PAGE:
Party Polarization and Social Policies in the United States (1936-2016)

Wednesday, 18 July 2018: 08:45
Oral Presentation
Camila VIDAL, Universidade Federal do Rio Grande, Brazil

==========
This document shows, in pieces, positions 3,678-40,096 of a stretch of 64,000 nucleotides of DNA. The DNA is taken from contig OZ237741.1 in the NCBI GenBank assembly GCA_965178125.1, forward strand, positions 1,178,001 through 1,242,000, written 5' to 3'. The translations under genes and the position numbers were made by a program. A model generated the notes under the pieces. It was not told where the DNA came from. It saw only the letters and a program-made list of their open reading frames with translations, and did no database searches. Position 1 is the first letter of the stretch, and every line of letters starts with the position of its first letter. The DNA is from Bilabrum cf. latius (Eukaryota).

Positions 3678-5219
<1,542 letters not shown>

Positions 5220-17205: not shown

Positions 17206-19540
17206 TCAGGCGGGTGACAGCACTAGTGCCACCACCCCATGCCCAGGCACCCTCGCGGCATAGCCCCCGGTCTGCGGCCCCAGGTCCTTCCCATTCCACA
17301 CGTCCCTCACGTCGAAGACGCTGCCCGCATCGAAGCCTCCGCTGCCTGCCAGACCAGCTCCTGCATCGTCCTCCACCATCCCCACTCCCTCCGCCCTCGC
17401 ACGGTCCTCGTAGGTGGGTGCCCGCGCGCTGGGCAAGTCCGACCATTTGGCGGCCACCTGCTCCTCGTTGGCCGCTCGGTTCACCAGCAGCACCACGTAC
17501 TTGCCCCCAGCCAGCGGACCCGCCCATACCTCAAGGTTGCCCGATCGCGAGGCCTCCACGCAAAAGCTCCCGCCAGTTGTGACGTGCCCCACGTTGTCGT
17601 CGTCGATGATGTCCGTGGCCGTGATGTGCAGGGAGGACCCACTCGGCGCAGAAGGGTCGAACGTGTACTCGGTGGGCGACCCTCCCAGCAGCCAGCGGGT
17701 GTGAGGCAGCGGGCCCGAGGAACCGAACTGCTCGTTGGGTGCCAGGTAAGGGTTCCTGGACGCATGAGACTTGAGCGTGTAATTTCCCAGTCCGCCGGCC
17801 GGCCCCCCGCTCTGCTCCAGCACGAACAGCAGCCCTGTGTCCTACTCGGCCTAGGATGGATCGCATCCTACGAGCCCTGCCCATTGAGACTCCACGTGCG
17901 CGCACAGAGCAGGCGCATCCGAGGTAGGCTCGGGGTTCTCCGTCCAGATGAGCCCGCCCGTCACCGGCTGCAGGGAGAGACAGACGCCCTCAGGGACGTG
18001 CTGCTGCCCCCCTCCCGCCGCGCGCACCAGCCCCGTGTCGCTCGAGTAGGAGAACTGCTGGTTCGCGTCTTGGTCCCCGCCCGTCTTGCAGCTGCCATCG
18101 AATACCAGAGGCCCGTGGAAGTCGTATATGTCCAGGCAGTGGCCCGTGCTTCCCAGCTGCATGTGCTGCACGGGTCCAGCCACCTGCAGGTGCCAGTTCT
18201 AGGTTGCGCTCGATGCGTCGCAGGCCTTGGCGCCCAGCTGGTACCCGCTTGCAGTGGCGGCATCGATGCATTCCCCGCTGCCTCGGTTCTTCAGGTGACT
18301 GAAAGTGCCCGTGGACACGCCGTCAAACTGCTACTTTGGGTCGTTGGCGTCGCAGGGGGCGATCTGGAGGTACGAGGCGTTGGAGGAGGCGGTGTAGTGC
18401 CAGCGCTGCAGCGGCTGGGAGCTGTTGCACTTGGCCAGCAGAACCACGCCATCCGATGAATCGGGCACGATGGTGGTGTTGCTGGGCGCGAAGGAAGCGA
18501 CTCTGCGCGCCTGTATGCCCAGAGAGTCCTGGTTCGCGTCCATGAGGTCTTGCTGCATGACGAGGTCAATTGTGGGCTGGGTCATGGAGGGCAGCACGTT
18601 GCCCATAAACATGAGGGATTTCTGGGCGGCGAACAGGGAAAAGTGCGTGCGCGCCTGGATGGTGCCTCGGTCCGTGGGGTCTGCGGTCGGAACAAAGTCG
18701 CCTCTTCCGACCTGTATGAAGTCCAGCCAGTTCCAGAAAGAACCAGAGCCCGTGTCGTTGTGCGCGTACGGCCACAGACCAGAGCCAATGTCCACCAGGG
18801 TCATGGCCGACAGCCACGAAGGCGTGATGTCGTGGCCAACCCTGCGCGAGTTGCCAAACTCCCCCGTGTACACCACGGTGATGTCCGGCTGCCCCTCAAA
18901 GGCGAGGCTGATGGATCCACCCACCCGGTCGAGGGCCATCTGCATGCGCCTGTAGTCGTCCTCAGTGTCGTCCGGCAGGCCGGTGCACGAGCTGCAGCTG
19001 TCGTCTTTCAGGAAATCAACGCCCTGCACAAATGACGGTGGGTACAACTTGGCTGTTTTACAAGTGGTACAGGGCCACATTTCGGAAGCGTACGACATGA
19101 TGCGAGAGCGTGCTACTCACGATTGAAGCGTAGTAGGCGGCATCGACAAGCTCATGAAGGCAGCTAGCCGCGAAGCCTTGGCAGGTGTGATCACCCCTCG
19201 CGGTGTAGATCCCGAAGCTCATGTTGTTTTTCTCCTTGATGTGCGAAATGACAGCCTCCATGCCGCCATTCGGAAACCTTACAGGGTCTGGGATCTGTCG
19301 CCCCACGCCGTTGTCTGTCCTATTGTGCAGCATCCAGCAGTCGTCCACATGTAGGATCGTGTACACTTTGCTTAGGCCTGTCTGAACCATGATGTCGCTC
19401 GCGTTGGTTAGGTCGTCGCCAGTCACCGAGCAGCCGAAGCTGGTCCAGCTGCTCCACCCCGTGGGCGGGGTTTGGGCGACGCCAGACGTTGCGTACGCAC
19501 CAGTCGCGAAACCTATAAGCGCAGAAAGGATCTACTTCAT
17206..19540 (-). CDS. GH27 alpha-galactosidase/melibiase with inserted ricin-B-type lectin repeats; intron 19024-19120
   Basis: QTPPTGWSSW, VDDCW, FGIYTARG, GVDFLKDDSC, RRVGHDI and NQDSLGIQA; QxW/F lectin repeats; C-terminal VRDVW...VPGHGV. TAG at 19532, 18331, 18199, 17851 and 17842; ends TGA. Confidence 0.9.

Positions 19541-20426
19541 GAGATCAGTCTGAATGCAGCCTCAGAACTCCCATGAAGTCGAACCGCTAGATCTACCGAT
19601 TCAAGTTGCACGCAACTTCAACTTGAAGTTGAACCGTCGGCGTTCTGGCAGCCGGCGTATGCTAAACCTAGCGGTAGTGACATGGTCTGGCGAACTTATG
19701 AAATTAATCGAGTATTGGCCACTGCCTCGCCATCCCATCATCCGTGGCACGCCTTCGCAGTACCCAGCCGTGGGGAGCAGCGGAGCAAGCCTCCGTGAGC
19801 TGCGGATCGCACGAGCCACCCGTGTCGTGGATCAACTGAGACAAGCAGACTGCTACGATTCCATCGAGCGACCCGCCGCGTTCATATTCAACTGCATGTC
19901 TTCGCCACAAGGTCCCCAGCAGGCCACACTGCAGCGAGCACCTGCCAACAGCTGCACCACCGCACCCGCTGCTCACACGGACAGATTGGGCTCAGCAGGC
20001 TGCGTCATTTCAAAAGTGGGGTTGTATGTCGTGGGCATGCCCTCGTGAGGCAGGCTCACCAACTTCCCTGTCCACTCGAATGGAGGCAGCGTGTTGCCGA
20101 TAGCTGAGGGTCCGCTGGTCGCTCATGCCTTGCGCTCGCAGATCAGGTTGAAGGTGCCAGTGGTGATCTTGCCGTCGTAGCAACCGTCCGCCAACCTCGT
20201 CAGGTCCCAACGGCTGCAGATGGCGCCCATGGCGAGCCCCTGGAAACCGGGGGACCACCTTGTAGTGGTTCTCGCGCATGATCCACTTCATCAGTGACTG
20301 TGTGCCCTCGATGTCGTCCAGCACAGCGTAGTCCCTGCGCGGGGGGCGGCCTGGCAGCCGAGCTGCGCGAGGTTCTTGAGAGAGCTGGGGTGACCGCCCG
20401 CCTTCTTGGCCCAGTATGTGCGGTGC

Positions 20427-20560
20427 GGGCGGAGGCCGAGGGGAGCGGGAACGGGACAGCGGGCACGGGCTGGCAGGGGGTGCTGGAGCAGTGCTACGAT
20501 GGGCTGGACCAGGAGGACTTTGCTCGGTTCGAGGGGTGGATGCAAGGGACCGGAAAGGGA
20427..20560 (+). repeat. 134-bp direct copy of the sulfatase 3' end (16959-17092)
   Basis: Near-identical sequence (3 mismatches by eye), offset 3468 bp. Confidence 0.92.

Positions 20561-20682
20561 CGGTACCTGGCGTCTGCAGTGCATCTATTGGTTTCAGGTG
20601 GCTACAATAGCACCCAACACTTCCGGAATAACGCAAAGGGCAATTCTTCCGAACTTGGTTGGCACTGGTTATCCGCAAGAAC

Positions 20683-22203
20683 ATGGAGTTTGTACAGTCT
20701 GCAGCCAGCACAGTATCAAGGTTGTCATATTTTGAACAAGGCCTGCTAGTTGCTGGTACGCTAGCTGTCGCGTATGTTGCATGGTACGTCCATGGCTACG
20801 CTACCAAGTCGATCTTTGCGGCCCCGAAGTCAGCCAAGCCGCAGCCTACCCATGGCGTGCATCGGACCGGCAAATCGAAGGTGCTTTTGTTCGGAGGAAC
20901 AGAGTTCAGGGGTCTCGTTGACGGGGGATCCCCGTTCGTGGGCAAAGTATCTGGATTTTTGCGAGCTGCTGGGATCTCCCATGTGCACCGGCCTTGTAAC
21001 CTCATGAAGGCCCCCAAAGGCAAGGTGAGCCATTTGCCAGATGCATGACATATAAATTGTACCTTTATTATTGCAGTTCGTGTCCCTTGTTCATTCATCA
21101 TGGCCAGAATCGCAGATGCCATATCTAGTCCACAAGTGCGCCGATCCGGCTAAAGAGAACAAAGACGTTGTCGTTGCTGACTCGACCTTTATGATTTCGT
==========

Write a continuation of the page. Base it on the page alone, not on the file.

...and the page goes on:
This paper dedicates itself to the study of party polarization regarding social policies in the United States between 1936-2016. Through the use of national platforms, this study aims to empirically verify the supposedly polarization between the two main political parties in this country and the Republican Party conservative ascendance. As a methodological tool chosen, it aims, also and as a consequence of it, to contribute to new research methods in the study of political parties and conservative rise. In this research, the Republican and Democratic national platforms were used as an indicative of party ideological portrait. As such, through the creation of categories such as abortion, homosexuality, civil rights movement, and others; and scales of gradation built through informational programs such as SPSS and NVivo, the political positioning of these two parties were measured and compared seeking to verify ideological approximations and distances as well as conservative ascendance and/or decline. The results show us that, indeed, there is a party polarization in recent period when referring to social policies caused, mainly, by a sharp conservative rise by the Republican party that began in the 1970s. Result of an exhaustive work of reading, interpreting and coding 42 documents that embrace almost a century of history, this paper contributes to a greater comprehension of a recent political and social phenomena of great importance for Sociology and Political Science that provides empirical evidence of what now seems to be a fact throughout the globe: the rise of new right wing parties and the ascendance of conservative thought in old ones.